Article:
There's no ring in this game, just slow brawls in various locations that pro-wrestling cameramen occasionally find themselves. Once the novelty factor wears off I can't see anyone legitimately enjoying this game.
March 26, 2001 - Final episode of WCW Monday Nitro
Watching the final episode of Nitro was surreal. Rumors had been flying around the usual internet hot-spots about the impeding sale of WCW. At one point a group that included Jason Hervey was alleged to be in the running. Being killed off by Vince McMahon doesn't sound like such a bad fate in comparison.
The news broke hours before the show aired and there was no way I was going to miss it. It was sad to see it over, really truly over. I never once thought for a second that Vince McMahon bought WCW for any reason other than to acquire the tape library. It was somewhat relieving to see the once great promotion that fell so far put out of its misery.
Had the Monday Night War continued we naturally would have seen many more games. One of which was WCW Mayhem 2 for the Sony PlayStation 2. The WWF/WWE would go on to have many releases on the PlayStation 2 and every major console since.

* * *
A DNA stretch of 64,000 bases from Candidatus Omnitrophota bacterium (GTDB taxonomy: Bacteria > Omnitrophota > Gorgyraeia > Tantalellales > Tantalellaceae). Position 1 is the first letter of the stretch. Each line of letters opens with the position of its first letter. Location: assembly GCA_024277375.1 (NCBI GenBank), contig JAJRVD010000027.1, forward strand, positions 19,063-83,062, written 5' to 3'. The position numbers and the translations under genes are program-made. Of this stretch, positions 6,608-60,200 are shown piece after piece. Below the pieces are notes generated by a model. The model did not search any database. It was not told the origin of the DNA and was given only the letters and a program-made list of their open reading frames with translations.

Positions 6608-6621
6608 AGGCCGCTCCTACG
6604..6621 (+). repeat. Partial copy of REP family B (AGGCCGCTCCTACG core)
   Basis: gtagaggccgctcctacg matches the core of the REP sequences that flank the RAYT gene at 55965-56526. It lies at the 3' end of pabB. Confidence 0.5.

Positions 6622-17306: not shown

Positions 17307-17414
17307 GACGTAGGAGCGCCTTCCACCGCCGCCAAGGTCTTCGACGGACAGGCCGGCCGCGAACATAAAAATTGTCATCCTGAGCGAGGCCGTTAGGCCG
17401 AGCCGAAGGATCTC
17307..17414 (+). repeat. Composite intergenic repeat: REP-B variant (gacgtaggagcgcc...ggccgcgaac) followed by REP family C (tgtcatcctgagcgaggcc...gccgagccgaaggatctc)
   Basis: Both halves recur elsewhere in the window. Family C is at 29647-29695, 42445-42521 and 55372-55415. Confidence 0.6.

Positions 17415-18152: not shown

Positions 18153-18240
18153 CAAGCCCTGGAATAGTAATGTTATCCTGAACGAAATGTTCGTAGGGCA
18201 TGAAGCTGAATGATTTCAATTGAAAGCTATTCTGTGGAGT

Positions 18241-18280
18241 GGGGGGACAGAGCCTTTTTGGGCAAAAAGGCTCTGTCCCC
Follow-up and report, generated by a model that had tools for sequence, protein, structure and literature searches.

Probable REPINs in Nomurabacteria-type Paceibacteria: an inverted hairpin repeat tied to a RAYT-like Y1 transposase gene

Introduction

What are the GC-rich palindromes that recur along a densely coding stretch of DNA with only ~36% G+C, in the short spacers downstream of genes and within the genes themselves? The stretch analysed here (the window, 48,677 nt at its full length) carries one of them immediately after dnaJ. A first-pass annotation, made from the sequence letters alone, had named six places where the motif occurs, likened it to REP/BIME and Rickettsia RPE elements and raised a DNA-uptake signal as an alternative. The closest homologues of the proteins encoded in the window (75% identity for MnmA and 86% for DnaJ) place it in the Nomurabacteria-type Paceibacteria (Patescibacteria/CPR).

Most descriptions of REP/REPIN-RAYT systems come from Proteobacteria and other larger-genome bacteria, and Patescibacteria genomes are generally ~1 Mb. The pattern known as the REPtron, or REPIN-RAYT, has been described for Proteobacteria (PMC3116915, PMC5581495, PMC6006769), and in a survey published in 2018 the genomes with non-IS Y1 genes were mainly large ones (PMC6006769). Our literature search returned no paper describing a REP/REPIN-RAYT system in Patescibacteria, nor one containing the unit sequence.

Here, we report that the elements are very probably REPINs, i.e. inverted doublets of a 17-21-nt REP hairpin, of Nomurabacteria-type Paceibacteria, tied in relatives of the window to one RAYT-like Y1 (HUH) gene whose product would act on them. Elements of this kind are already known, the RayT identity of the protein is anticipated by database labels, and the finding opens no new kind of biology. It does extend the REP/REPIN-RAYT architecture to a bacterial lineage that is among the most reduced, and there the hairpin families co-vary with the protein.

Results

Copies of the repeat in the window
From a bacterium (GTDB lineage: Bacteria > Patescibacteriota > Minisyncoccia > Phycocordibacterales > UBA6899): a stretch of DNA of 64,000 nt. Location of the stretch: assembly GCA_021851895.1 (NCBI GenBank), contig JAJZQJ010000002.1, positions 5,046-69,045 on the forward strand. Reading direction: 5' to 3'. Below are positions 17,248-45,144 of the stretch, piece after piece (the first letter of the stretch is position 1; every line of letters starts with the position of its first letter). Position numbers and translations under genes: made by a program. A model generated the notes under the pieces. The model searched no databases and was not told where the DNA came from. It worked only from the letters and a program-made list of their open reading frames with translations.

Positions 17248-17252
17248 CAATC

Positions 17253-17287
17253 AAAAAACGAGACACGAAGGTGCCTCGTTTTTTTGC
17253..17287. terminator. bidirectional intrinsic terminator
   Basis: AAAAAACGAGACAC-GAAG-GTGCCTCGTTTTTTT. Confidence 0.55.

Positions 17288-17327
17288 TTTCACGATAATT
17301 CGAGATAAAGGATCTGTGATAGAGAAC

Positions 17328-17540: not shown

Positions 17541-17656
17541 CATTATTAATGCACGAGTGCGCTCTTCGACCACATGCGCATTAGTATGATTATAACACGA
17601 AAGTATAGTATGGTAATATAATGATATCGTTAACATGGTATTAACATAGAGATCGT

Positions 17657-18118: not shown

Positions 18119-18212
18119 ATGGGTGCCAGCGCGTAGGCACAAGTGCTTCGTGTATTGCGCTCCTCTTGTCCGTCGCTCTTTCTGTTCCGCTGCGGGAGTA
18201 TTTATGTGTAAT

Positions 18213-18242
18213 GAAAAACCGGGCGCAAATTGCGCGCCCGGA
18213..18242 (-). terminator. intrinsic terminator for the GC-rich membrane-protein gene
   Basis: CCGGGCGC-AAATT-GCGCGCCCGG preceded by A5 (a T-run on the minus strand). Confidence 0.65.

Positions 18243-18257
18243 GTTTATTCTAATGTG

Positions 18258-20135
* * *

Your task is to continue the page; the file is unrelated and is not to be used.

Winners of the Monday Night War
The WWF won the Monday Night War, a scorched-earth victory featuring a near complete humiliation of the WCW roster and brand. As for the systems, there are a couple ways to measure who won. Let's start with the "most games" category:
1) Sony PlayStation - 10
2) Nintendo 64 - 9
3) Game Boy Color - 3
4-tie) Sega Dreamcast and PC- 2
5-tie) Sega Saturn and Game Boy - 1
So the PlayStation wins out on the quantity department. In terms of quality, I'm giving nod to the Nintendo 64 and specifically the WCW/nWo Revenge->WWF Wrestlemania 2000->WWF No Mercy line which all used the same engine developed by Aki Corporation.
Now for the hard question - out of this mountain of games which was really the best?
My vote goes to WCW/nWo Revenge for the Nintendo 64. I think the majority of readers will find WWF No Mercy to be their personal favorite if they tried them all. I agree that it's a technically stronger game. The control was improved in WWF Wrestlemania 2000 and WWF No Mercy but it's still good enough in WCW/nWo Revenge to make it a strong game.
The presentation style helped push this over the edge for me, the entrances and camera angles especially. It had a look that I just plain preferred to all the others.
Another big consideration is the nostalgia factor (it always is for me). WCW/nWo Revenge is set at a time when WCW was at its absolute best. If you want to remember the Monday Night War at its peak, then this is the best game to fire up.
If after reading this you suddenly feel motivated to go and collect all these games, here's a handy little checklist in spreadsheet form:
"The Death of WCW" by R. D. Reynolds and Bryan Alvarez was the main inspiration and reference for this article. It is rather opinionated and some may disagree with their assessment but it's still an enteraining read.
Other sources consulted:MobyGames - WCW Wrestling games